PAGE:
In 1821, Mexico gained its independence from Spain. The Southwest came under Mexican control. This included New Mexico. Mexico allowed U.S. settlers to enter New Mexico. One of the traders opened the Santa Fe Trail in 1821. This trail linked Missouri with Sante Fe. Many people in the United States wanted to control the Southwest. They started the Mexican War. The United States won the war. New Mexico then became a U.S. territory. Thousands of U.S. settlers moved there.
Many of these settlers moved onto Apache and Navajo lands. Native Americans led raids against the settlers. U.S. troops fought the Native Americans. In the 1860's troops forced the Navajo and Apache to leave their homeland. They moved the Native Americans to a reservation on the Pecos River. In 1868, the Navajo returned to northwestern New Mexico. The Apache fought U.S. control for 20 years. They were lead by the Apache leader Geronimo. He finally surrendered in 1886.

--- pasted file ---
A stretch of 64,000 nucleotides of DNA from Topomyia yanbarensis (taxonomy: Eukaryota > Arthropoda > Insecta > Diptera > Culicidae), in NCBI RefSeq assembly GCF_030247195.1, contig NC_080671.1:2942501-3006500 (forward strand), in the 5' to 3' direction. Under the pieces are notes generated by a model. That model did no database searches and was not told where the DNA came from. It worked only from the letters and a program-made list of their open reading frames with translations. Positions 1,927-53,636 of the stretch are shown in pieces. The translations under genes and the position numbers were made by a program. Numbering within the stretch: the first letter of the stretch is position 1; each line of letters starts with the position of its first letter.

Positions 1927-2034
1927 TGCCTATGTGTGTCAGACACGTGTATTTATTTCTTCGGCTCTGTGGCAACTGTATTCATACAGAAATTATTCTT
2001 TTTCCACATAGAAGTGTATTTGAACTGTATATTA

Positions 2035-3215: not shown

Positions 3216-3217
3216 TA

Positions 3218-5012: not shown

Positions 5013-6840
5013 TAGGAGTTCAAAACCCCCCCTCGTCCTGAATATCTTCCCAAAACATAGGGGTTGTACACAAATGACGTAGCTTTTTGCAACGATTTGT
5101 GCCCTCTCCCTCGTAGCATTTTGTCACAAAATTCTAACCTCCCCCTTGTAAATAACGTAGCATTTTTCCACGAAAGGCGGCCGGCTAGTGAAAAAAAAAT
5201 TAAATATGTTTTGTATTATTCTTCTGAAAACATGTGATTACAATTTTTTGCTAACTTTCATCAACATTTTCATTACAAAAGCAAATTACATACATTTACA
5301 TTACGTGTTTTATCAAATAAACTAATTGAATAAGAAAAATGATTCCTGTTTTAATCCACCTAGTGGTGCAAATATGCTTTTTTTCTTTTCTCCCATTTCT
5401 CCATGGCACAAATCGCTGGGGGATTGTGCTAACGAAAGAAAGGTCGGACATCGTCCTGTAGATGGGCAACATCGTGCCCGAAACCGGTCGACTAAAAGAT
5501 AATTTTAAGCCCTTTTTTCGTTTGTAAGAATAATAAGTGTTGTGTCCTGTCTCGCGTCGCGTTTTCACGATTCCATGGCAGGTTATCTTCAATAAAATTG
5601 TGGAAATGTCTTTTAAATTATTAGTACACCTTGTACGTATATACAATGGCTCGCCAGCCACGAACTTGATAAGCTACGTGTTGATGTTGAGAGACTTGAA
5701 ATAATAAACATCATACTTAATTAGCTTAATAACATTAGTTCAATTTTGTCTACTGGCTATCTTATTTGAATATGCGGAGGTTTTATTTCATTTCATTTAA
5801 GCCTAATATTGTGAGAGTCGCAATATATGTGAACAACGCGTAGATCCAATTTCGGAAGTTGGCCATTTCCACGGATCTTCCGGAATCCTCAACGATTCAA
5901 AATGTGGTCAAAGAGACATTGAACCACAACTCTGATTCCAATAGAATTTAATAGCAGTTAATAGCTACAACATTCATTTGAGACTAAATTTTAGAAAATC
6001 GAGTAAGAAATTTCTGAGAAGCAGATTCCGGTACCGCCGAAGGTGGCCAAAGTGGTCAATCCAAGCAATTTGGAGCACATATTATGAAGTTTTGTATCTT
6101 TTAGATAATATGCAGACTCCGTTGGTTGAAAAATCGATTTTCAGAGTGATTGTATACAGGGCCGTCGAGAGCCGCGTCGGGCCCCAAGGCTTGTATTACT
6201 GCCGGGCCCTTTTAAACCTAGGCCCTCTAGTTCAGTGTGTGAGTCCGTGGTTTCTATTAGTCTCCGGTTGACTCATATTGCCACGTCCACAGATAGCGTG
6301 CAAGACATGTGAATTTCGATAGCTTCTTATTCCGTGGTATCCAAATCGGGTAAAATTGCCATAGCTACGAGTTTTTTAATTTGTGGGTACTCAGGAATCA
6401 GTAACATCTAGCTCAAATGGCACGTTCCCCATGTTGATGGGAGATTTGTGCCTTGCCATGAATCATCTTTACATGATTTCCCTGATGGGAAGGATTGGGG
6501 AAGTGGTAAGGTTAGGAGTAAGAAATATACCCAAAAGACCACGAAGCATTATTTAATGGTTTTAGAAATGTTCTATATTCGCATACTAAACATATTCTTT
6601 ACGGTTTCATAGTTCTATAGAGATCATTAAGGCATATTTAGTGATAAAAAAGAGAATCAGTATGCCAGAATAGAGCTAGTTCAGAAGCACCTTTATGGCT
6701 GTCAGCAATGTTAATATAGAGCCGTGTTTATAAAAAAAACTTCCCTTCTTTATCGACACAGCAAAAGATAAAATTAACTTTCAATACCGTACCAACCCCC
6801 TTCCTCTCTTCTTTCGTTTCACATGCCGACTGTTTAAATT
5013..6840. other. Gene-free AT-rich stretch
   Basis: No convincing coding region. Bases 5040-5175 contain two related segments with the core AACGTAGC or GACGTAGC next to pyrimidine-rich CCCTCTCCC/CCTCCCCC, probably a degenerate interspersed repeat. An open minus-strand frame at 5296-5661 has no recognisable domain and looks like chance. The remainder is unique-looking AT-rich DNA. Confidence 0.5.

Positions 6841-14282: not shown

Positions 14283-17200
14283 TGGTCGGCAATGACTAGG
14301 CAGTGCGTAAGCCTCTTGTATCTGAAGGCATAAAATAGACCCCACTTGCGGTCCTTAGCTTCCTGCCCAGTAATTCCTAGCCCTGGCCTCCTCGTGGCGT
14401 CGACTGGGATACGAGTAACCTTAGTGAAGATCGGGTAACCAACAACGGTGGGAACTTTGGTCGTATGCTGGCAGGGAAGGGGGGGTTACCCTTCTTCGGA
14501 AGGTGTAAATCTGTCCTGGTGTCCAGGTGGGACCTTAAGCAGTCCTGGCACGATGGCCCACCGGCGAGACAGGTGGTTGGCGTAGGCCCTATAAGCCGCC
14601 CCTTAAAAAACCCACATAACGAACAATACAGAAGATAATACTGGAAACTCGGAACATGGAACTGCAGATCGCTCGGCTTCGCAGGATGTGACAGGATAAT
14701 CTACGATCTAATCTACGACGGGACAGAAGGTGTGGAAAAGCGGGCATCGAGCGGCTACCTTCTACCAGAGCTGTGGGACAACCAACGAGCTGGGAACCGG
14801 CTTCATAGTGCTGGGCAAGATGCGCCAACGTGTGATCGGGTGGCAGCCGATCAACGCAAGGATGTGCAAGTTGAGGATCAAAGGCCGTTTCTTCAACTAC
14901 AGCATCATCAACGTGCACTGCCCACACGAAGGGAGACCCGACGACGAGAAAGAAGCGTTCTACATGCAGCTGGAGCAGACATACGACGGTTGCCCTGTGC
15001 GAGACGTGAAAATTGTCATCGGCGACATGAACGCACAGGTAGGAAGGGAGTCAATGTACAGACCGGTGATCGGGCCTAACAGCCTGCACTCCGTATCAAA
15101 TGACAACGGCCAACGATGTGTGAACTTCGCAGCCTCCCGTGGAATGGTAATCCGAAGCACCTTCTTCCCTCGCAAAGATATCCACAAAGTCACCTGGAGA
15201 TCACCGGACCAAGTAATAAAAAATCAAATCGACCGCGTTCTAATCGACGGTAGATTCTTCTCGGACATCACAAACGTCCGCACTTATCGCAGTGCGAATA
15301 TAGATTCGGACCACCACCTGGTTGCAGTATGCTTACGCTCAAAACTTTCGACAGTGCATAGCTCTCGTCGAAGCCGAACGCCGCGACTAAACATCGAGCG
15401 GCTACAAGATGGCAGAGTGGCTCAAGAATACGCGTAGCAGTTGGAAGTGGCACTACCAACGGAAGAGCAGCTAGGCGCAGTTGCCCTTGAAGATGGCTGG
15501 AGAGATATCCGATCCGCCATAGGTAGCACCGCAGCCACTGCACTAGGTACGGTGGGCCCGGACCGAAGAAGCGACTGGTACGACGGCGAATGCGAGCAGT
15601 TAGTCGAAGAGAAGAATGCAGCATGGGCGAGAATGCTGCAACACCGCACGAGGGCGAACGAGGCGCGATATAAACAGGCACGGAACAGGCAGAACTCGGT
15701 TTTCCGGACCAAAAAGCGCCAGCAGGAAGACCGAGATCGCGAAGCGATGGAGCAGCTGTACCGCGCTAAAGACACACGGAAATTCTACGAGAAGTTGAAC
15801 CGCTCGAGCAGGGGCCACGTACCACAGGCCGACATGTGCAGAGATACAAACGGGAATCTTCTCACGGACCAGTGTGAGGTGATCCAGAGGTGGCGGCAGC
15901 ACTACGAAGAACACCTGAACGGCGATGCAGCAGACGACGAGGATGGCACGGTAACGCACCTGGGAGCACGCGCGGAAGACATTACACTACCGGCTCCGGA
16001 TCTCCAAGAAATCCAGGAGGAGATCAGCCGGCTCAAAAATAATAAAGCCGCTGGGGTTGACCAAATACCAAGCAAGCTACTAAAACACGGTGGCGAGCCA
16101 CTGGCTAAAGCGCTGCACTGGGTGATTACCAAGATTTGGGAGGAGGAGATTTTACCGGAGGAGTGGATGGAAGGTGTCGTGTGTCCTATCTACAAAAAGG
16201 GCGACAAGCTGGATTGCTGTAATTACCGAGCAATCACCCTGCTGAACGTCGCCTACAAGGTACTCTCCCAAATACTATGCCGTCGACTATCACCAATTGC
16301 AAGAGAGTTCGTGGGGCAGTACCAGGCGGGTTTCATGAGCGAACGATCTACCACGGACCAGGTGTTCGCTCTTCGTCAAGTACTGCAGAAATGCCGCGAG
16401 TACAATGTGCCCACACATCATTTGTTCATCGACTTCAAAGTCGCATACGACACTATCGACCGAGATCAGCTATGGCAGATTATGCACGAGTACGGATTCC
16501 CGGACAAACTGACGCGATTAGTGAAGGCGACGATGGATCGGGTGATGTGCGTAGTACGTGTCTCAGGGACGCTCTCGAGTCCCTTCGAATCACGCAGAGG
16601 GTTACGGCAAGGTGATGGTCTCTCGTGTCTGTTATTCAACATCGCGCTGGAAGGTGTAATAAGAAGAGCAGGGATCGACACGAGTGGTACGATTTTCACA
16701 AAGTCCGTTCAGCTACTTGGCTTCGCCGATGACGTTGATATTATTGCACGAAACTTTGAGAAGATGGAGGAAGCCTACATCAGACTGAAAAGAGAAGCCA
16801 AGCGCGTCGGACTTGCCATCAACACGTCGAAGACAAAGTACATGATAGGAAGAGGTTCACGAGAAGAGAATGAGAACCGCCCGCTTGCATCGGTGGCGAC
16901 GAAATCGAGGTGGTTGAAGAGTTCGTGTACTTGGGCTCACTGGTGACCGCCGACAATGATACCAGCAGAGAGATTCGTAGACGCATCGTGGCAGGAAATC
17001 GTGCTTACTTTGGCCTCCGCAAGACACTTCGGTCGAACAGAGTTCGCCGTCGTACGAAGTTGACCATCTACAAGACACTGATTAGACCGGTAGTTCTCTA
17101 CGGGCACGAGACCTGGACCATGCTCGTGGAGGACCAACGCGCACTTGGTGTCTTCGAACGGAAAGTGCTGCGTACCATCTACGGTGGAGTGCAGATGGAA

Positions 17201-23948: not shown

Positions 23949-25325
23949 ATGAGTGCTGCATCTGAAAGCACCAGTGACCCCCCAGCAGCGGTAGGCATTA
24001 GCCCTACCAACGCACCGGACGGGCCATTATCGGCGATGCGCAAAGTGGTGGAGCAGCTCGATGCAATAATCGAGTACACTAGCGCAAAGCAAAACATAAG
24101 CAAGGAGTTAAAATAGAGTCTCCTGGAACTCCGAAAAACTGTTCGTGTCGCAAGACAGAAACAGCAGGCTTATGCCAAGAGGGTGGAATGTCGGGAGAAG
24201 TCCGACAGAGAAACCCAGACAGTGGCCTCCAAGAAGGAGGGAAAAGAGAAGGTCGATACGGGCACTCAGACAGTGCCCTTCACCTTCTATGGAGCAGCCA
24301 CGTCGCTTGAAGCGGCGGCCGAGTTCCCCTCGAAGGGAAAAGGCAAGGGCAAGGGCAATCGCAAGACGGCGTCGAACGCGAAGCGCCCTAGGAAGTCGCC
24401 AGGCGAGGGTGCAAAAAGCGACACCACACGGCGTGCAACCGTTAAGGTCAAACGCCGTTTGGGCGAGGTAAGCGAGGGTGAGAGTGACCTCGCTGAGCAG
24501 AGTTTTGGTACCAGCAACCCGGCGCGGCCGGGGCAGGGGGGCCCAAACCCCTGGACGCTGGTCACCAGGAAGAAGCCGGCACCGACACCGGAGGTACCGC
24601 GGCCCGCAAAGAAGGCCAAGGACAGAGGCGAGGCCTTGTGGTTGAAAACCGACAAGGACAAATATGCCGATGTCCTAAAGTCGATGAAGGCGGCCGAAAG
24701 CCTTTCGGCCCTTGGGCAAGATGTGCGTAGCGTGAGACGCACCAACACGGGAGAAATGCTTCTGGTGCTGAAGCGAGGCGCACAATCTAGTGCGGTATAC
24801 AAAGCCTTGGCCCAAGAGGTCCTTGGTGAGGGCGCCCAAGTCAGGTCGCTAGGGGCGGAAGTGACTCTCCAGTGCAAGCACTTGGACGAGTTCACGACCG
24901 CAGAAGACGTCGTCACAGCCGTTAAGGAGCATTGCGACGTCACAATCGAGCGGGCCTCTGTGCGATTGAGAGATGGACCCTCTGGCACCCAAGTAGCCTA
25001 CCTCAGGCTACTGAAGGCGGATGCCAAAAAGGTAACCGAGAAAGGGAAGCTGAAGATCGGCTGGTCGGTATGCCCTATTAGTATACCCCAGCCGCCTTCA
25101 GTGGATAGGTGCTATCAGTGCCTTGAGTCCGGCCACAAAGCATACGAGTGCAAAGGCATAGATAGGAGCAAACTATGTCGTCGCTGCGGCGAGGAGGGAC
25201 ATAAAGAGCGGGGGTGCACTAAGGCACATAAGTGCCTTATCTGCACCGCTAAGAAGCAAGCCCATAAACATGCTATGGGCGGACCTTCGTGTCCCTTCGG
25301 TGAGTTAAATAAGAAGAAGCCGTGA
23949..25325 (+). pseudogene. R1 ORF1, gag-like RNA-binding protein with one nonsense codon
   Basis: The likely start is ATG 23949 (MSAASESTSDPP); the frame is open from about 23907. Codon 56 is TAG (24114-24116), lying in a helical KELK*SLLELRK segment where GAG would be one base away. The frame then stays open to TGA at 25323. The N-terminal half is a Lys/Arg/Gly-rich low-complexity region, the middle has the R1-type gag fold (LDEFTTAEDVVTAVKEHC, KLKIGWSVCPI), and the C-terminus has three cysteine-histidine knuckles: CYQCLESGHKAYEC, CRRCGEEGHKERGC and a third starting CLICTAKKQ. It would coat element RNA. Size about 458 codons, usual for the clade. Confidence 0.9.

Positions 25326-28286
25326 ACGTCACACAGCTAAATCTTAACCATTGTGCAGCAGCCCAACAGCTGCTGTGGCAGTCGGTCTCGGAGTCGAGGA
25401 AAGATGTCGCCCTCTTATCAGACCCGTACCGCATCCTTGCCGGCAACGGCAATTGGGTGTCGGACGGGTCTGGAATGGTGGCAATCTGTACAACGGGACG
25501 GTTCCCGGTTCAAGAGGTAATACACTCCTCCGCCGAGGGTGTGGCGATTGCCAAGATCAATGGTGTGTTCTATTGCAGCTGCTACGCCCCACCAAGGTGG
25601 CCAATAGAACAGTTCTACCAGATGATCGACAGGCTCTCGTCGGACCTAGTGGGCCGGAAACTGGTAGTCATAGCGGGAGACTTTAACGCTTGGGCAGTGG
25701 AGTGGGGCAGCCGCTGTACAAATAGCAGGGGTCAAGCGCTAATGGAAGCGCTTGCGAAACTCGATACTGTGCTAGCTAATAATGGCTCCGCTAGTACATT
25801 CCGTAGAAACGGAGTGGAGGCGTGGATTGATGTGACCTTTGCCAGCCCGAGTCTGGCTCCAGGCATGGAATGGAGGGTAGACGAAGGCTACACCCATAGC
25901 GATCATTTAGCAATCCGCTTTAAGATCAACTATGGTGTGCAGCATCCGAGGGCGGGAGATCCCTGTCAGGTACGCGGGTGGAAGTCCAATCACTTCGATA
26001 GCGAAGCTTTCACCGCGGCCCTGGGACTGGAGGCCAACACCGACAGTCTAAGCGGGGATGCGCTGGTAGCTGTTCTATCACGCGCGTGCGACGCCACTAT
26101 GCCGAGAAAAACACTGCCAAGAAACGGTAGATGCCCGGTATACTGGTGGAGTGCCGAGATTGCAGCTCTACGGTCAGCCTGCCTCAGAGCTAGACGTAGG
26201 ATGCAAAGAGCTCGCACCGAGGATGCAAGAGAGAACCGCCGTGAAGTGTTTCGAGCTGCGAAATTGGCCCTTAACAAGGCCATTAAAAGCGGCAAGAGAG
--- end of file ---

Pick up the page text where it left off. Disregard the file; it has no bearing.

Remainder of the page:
In the 1870's railroads opened and this brought thousands of settlers. Gold and silver mining grew and Texas cattle ranchers moved into the southeastern part of the territory.
On January 6, 1912, New Mexico became the 47th state. Sante Fe was named the state capital. It is the oldest capital city in the United States.
Visit Explore the States for more information on the history of New Mexico.